Oops, while I did watch them in correct order, I mentioned The Blacksmith before My Wife's Relations, which comes first. Sorry for any inconvenience I may have caused. Now, on with the show...
My Wife's Relations is often cited as Keaton's reflection on his unhappy marriage, but, frankly, I don't see it. It's another mistaken identity comedy, with Keaton inadvertently getting wed into a family of large, unmannered folks who only warm up to Buster when they think he's got a big inheritance coming. While it looks like a harbinger of things to come, Keaton had only been married a year and the film really pokes more fun at class rather than family. Really, not much to read into (for me, at least), and probably the weakest Keaton short. (It still has some good gags, though: my favorite being the brother-in-law who keeps adding cubes of sugar to his coffee. A gag done a hundred times, I know, but here Keaton stops the guy, grabs his coffee cup and simply pours the coffee into the sugar bowl.)
The Frozen North is another Keaton masterpiece, but one that should be avoided at all costs if the genial Keaton persona needs to be maintained. In the short, Keaton is a cold-blooded murderer, a philanderer, abuses his wife (poor Seeley) and horror-of-horrors (especially for Buster), he emotes all over the place, breaking out with huge tears and grand melodramatics. It's fabulously funny, filled with completely unexpected gags, and is probably the film that had me laughing the hardest (that is, when I could lift my jaw off of the floor.) What a risky film for Keaton to make. An out-an-out satire of William S. Hart, Keaton is merciless--and, apparently and understandably, Hart was none too pleased--but doggone is it ever funny.
By far the funniest gag is one of the most surreal bits in a Keaton film: Buster is trying to make moves on a woman. He's despicable in every way, and when we see Buster from the girl's point of view, Buster is now dressed as Erich von Stroheim! White military garb, boots, hat, long filtered cigarette, and oh, yes…the monocle. I nearly fell out of my chair. Great.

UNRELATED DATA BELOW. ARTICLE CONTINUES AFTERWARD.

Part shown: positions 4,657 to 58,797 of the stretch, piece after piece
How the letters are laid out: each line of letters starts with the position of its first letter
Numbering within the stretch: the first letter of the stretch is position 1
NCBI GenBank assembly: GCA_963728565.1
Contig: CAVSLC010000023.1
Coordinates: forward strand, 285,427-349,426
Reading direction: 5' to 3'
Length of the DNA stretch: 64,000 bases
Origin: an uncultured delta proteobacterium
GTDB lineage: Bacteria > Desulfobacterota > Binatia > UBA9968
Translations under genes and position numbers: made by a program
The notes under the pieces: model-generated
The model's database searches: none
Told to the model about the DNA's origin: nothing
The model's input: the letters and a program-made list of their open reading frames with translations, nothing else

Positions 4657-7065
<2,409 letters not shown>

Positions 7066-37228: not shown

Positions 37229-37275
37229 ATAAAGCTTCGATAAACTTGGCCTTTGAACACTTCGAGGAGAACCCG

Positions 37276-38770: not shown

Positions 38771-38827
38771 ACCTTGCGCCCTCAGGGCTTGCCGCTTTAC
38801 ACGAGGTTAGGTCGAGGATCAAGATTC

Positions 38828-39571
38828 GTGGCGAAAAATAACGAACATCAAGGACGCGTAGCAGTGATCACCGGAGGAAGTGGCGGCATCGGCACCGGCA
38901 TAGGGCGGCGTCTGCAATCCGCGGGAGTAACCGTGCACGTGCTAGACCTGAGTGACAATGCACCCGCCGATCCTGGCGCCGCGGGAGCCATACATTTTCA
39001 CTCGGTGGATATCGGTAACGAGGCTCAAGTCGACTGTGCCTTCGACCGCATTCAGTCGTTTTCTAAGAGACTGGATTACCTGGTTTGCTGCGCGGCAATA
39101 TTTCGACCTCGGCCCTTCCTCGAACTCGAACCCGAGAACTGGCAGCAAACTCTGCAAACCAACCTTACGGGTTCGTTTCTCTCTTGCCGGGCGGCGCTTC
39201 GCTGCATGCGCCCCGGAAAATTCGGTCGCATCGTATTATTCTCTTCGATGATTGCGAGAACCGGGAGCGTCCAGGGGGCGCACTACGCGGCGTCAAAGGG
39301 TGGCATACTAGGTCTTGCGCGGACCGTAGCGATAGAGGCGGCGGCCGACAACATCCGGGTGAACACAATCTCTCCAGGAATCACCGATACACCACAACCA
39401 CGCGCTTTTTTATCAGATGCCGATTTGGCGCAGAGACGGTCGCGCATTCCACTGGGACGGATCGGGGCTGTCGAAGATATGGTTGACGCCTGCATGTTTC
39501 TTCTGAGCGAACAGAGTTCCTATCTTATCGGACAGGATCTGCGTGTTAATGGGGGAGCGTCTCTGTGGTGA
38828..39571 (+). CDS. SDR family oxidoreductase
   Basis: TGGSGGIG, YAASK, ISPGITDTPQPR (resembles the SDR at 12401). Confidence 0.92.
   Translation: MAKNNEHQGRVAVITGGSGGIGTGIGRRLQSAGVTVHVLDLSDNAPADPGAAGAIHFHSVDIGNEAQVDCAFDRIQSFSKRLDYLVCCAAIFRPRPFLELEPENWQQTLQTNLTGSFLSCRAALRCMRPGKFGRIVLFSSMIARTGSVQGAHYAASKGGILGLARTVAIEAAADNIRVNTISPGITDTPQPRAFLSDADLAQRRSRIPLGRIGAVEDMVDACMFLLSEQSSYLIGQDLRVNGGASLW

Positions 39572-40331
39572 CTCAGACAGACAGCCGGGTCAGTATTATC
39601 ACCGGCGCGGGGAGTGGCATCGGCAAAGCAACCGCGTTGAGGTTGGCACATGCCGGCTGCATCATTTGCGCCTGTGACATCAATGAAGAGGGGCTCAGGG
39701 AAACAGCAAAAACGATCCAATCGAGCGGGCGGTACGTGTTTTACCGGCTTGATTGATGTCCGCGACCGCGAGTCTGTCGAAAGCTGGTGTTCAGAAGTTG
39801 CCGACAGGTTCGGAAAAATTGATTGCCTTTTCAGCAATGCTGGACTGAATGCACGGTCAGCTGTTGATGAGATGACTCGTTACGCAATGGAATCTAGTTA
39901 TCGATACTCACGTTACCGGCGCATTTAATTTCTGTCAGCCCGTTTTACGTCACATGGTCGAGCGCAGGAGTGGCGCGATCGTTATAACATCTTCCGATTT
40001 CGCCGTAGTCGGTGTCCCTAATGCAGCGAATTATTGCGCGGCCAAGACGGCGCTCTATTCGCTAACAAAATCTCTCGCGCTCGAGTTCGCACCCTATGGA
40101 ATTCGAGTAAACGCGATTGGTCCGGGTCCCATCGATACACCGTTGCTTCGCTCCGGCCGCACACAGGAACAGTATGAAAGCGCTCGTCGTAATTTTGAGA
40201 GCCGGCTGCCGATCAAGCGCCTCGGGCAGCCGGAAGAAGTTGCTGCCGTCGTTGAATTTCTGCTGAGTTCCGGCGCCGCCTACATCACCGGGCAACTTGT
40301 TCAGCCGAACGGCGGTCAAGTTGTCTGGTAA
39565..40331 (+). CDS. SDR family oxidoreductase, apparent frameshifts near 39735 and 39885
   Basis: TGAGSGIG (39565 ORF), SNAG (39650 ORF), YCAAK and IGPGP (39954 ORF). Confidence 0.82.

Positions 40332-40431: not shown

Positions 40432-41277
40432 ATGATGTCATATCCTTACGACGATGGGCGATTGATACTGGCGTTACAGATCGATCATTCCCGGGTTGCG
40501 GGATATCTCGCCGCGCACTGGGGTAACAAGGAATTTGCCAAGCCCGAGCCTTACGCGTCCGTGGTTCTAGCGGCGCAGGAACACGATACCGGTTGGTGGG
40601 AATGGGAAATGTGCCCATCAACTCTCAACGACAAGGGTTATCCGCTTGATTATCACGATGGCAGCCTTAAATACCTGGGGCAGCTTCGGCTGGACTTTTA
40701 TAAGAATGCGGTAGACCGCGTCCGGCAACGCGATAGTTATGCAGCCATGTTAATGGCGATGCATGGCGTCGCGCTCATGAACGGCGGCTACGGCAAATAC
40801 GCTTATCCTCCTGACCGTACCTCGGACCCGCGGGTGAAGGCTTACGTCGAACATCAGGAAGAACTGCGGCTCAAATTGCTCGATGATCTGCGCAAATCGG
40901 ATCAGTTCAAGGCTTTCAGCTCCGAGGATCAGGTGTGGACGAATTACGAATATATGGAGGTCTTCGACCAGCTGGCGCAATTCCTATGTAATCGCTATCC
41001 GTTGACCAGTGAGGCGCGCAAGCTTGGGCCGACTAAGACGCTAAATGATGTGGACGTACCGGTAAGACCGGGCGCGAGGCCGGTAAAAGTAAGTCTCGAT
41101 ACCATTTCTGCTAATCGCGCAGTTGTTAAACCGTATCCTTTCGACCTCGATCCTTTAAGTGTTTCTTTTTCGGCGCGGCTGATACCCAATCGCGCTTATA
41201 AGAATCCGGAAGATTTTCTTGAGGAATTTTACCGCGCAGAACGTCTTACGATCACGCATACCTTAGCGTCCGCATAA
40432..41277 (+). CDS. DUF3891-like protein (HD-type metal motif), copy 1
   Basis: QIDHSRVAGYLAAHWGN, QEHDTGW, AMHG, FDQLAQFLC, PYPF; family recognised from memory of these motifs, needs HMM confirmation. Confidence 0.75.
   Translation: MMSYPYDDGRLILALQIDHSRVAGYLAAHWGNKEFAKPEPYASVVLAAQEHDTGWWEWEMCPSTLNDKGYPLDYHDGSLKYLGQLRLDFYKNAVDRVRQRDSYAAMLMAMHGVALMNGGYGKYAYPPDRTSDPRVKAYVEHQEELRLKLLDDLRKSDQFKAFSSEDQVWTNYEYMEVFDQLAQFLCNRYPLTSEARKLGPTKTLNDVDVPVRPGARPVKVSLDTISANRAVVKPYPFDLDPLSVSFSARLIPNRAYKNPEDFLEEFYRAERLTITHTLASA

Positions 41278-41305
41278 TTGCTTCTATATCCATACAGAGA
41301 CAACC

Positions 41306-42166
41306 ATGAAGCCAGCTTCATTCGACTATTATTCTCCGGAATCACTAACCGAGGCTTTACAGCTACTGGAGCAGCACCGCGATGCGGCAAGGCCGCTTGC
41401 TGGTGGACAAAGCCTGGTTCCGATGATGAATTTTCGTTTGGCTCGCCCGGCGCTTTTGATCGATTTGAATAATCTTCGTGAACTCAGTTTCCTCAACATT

The Electric House is pretty much what the title suggests. Buster wires a house to do all kinds of things, which ends in chaos, of course.
Daydreams is the film where Buster's girl (Renée Adorée) and her father insist he make good before he can marry, with the proviso that if he doesn't make good, Buster will kill himself. Blackout gags follow, but it's pretty dark.
The Balloonatic is, as I'd mentioned, probably Keaton's most romantic film. It meanders a bit at the beginning (with some funny bits at an amusement park), but soon the surrealism kicks in and away we go….The conclusion, which looks to be a typical Keaton downer, is anything but, as Keaton plays with our expectations yet again.
The Love Nest is Keaton's final short and if you like surreal, then this is a good one to watch. Through various misadventures, Buster ends up on a fishing boat (that even goes after whales), and is captained by big Joe Roberts, who has no qualms throwing his crew members overboard when they do something wrong. (Nice guy, though, for he also tosses in a wreath of flowers. He's got lots of those and it's a great running gag.) Wacky things ensue and Buster actually ends up on a target for Navy ships. Close to a classic, and, again, very dark.
A few thoughts on Buster's shorts:
--I'd expected to see the "Buster" character gradually emerge, but he's pretty much fully formed by the second short, One Week.
--Already mentioned, but worth repeating, when they appeared, Keaton's women were generally his equal in his films (The Frozen North being a huge exception, of course).
--Keaton reveled in spoofing his fellow movie stars.
--Suicide and death permeate through his films. Chaplin and Lloyd sometimes used suicide and death gags, too, but in Keaton's case they are much more prevalent and considerably darker.
--Dreams also play a huge part in Keaton's films. Nightmares more accurately. Fits in with the surrealism.
--While Chaplin films are filled with hope and Lloyd's filled with optimism, even from the later Arbuckle/Keaton films, it's clear that Keaton was a fatalist.
--These are some of the funniest films ever made.
"Let's be independent together." Dr. Hermey DDS